Magazine article Newsweek

Brawling over Brawling

Magazine article Newsweek

Brawling over Brawling

Article excerpt

The rules are simple: two Fighters square off, battling bare-knuckled until one gives up, passes out, or the fight is stopped by a doctor, referee or cornerman. Biting and eye-gouging are off-limits, but otherwise anything goes--punching, kicking, kneeing, choking, whatever. It's known on popular pay-per-view broadcasts as "ultimate" or "extreme" fighting. Its detractors call it brutal--and so, for that matter, do its promoters.

But that's where the agreement ends. Officials across the country, led by Sen. John McCain of Arizona, are crusading against what some call human cockfights. Promoters insist that the fights are legitimate pro sporting events and are safer than they look--as safe as, say, football or hockey And, unlike in boxing, nobody's been paralyzed or killed. Not yet, anyway.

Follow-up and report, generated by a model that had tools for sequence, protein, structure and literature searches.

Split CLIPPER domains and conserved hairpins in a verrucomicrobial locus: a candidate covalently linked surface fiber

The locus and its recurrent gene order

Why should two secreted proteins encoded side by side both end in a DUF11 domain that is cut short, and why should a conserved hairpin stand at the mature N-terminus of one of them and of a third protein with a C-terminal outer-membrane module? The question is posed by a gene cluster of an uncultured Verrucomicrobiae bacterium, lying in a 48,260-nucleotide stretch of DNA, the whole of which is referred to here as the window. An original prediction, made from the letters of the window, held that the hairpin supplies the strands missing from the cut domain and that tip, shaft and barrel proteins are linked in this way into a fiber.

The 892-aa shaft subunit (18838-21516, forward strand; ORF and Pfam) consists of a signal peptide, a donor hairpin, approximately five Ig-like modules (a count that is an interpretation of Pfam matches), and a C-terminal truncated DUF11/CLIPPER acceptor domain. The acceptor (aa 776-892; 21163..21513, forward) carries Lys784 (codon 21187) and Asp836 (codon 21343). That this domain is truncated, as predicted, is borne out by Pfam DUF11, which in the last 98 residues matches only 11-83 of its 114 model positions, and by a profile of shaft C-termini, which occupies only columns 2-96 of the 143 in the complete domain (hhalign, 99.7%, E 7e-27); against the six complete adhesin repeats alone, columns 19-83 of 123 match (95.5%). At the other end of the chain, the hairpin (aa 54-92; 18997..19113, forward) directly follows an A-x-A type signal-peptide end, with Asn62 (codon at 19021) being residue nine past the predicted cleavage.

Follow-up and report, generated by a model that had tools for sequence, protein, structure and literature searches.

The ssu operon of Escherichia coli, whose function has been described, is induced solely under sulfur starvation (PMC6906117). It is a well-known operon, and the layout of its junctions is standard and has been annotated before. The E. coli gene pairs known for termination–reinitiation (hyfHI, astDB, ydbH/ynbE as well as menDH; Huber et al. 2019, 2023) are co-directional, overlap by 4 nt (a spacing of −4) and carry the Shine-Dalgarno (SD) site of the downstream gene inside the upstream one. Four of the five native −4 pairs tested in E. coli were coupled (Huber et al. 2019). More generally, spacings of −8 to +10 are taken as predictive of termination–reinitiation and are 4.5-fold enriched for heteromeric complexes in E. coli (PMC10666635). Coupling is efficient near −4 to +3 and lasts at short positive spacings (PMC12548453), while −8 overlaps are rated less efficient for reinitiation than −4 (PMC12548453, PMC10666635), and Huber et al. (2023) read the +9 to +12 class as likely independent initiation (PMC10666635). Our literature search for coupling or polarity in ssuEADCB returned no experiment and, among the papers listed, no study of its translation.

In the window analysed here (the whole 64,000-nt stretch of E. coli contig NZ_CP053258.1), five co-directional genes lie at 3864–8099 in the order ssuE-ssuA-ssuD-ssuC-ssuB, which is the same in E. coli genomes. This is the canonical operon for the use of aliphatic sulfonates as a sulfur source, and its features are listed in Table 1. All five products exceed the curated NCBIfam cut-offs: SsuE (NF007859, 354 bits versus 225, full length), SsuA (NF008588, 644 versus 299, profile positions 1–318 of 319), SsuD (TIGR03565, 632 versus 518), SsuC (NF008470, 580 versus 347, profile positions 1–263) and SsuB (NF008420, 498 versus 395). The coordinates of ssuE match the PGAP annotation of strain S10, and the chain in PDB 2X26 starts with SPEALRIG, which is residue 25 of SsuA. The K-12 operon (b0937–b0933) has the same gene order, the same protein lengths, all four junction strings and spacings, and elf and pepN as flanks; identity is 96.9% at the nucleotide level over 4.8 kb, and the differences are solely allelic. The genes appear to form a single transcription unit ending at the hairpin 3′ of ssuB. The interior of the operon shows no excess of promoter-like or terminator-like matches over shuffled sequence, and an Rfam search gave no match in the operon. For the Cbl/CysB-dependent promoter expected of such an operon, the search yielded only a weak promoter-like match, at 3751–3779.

Last week the front lines were in New York City. Battlecade, Inc., a subsidiary of Penthouse publisher Bob Guccione's General Media Inc., planned the city's first extreme bout, to be held Saturday night in a state-owned armory. But the firm soon found itself ejected from the armory and scrambling to find a backup site. The Brooklyn D.A. warned would-be gladiators of assault prosecutions, and ultimately organizers opted to move the contest out of state. "We have tapes in which one contestant is downed on the mat and another kneels on top of him and either lacks him in the head or punches him until he's virtually knocked senseless," says State Sen. Roy Goodman, who persuaded the armory to cancel Battlecade's lease and is pushing laws. …

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